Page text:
Main course options were chicken maqlooba (“upside down” chicken with rice and vegetables) with aubergine rice, crispy onions and mint raita; herb-crusted loin of lamb, potato purée, baby vegetables and rosemary jus; or vegetable jalfrezi, jeera pulao rice and chana dal. I had this last option, which was delicious. I also thought the food was much more tasty than on the flight leaving London (including the Arabic meze), which made me wonder whether if this was because it was made in Doha and not London.
The dessert options included banoffee pie with crème anglaise; fresh berries with almond syrup; or an ice cream selection. I was impressed that when I ordered the ice cream I was offered a second dessert to go along with the ice cream.
The wine selection was extensive and included two champagnes, white or rosé – Pommery Brut Royal NV, or Drappier Brut Rose de Saignee NV. White wines included a chardonnay, specifically a Burgundy from the Mâconnaise region, the Albert Bichot Pouilly-Fuissé, 2015; or a sauvignon blanc, Villa Maria’s Cellar Selection from Marlborough, New Zealand, 2016.
Red options included a cabernet sauvignon and merlot blend from Pauillac in Bordeaux, the Chateau Lynch-Moussas Grand Cru Classe 2012; or an Aussie shiraz, Kilakanoon’s Killerman’s Run 2015, from Clare Valley. The dessert wine choices were an Alvera Pedro Ximenez Solera 1927, or the 30-year-old tawny port Porto Cruz Gran Cruz.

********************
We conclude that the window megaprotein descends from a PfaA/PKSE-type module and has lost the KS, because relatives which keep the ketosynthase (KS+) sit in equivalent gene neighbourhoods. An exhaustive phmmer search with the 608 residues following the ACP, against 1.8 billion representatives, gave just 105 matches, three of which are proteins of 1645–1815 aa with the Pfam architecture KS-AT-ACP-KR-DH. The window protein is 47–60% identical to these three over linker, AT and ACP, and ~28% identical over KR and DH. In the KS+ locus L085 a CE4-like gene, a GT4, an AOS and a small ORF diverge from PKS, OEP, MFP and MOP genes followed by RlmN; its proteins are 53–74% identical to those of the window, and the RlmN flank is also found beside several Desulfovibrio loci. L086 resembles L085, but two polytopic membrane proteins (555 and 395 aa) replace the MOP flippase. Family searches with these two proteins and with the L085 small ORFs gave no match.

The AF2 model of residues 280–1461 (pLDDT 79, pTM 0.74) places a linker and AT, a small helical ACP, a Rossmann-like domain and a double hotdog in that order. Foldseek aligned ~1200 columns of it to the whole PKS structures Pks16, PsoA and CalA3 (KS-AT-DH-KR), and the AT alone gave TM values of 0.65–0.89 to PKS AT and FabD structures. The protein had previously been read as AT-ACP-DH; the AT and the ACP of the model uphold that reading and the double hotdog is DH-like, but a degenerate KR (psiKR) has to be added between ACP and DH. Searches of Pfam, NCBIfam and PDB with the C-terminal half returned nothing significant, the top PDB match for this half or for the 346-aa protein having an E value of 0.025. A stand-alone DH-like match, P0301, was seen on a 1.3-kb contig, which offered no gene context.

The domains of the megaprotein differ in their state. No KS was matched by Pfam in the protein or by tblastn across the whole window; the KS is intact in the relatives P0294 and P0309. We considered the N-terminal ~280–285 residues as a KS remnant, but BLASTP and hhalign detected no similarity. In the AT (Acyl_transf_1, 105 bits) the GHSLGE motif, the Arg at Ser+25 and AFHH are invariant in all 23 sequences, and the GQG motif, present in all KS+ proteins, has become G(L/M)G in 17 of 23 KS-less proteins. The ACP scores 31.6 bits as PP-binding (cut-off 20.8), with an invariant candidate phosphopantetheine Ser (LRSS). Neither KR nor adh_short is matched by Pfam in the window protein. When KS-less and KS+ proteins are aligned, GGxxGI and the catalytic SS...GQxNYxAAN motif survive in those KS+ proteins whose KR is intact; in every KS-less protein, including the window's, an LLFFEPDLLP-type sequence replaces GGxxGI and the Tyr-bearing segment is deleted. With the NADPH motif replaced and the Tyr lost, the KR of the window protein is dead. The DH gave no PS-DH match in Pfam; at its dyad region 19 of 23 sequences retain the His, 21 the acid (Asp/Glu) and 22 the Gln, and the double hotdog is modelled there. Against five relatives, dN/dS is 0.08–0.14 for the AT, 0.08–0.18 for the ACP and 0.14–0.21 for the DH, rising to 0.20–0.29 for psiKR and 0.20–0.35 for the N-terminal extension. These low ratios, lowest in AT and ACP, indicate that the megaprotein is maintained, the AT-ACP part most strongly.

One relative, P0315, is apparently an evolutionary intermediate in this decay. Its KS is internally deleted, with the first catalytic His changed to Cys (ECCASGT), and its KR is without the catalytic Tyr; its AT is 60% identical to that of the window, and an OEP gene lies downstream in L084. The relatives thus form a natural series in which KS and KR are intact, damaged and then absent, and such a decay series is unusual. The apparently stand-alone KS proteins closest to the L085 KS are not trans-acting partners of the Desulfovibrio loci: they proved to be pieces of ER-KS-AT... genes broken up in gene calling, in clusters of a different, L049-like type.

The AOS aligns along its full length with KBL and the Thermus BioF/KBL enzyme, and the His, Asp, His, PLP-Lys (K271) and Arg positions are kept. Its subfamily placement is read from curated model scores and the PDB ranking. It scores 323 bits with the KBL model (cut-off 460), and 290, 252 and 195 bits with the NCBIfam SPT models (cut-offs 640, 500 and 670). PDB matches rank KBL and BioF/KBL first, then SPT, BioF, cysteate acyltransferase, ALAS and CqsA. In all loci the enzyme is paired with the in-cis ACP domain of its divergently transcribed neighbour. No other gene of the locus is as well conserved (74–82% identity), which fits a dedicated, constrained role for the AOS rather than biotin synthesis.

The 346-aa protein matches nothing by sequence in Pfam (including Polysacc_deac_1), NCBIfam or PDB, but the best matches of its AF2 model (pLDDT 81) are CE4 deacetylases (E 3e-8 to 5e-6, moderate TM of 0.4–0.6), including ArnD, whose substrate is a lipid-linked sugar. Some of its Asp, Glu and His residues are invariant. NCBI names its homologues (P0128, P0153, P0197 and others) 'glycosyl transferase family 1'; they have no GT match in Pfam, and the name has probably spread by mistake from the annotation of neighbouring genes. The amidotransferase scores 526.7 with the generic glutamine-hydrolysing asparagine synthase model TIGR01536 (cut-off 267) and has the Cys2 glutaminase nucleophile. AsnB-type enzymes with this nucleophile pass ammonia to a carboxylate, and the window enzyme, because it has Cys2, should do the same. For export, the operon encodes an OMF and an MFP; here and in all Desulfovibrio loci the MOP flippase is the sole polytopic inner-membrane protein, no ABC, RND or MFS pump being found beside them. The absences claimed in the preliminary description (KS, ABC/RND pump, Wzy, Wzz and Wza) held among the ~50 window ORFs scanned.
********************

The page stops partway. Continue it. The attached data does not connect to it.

I have read about the new Q Suite having some teething problems with various faults, but there were no problems on this flight. On boarding there was no-in seat power in the cabin, but the flight attendants rebooted it and then it worked fine.
I worked for a while and then reclined the seat. There was no bedding on offer since this was a day flight, but there was the comfortable pillow and a very good and thick blanket, so I had no problem getting comfortable. I used the eye mask and earplugs provided to sleep for about 90 minutes. If you put down the armrest you also have more room.
When I woke I ordered some tea and also one of the snack options (the steak sandwich with melted cheese), which was delicious.
We experienced no turbulence and arrived at Heathrow slightly early, only to circle around the airport for 20 minutes and then spend a further 15 minutes waiting to get to our stand. Once there, we were quickly off. I had no checked luggage and so was quickly landside to begin the journey into central London via the Underground.
Qatar Airways already has an outstanding business class seat, but the Q Suite is an attempt to do something even more special – to add a touch of first class comfort to the business cabin. At the moment the Q Suite is not widely available. Some passengers will be confused by the unorthodox layout, choosing window seats even when travelling in pairs or with families; but in time the Q Suite will be recognised as a unique product. As on the outbound flight, the service was exemplary, and the food and wine choices and presentation were all top class.